Rhea Alexander, a black woman who runs AMBW for Life spoke to that authentic desire, telling Vice: [The Asian man] is a domestic dad, that gentle soul. He understands his own struggle as an Asian man, and his pressure to conform to white standards.
In Asian culture, however, masculinity is generally tied to mental strength, being a provider, and accepting familial responsibility.
Furthermore, Asian boys are taught deference to authority at home. The perceived passivity in Asian men can be interpreted through American eyes as femininity, and the consequences of this manifest in everything from Asian men’s near-exclusive representation as “bottoms” in gay porn, to the bamboo ceiling, a term for Asians’ lack of leadership representation in the workforce.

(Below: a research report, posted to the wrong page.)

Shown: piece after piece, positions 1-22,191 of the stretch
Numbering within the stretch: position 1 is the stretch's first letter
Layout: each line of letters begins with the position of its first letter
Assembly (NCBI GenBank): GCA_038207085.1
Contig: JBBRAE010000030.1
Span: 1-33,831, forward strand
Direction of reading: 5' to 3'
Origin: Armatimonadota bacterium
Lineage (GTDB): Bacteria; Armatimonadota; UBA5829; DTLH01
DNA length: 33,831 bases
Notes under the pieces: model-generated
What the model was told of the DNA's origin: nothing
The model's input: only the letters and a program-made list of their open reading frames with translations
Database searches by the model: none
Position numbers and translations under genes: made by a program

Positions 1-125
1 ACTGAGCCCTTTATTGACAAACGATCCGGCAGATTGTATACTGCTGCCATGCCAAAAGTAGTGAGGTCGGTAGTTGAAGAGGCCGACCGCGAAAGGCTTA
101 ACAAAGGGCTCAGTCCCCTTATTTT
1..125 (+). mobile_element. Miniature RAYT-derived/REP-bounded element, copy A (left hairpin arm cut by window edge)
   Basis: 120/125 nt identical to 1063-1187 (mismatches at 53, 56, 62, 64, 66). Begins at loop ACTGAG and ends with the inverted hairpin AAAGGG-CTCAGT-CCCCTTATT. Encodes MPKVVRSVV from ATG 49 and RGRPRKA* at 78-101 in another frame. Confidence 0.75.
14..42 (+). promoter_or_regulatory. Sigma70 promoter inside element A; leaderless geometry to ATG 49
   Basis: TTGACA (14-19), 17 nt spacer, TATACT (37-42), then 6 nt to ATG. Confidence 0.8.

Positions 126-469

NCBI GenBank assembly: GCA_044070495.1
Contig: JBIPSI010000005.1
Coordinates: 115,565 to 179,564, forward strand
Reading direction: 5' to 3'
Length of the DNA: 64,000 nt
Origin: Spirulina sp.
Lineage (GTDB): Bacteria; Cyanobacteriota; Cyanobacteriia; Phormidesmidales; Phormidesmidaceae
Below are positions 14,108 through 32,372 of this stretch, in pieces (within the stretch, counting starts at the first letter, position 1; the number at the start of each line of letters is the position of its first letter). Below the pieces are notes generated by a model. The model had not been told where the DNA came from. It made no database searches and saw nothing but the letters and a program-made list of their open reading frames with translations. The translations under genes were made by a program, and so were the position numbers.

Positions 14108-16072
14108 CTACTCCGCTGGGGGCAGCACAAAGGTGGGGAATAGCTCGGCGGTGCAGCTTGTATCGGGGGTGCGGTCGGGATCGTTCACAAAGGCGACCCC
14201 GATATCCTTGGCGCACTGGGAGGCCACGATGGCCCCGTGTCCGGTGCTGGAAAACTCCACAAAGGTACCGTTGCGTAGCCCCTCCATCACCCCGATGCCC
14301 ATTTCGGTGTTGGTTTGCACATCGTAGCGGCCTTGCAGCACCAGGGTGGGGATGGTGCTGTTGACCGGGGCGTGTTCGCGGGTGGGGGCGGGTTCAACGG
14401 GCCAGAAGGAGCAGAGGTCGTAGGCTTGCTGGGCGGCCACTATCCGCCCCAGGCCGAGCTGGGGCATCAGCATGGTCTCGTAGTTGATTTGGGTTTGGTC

Black women have been told for years that dating outside of our race is basically the only chance we have to beat the single odds and find a mate.
We battle with the fact that black men are in prison at alarming rates — lessening the dating pool — but we also struggle with the notion that when it comes to attractiveness, we’re at the bottom of the totem pole.
He claims that a quick look at MTV proves that younger people don't draw those lines.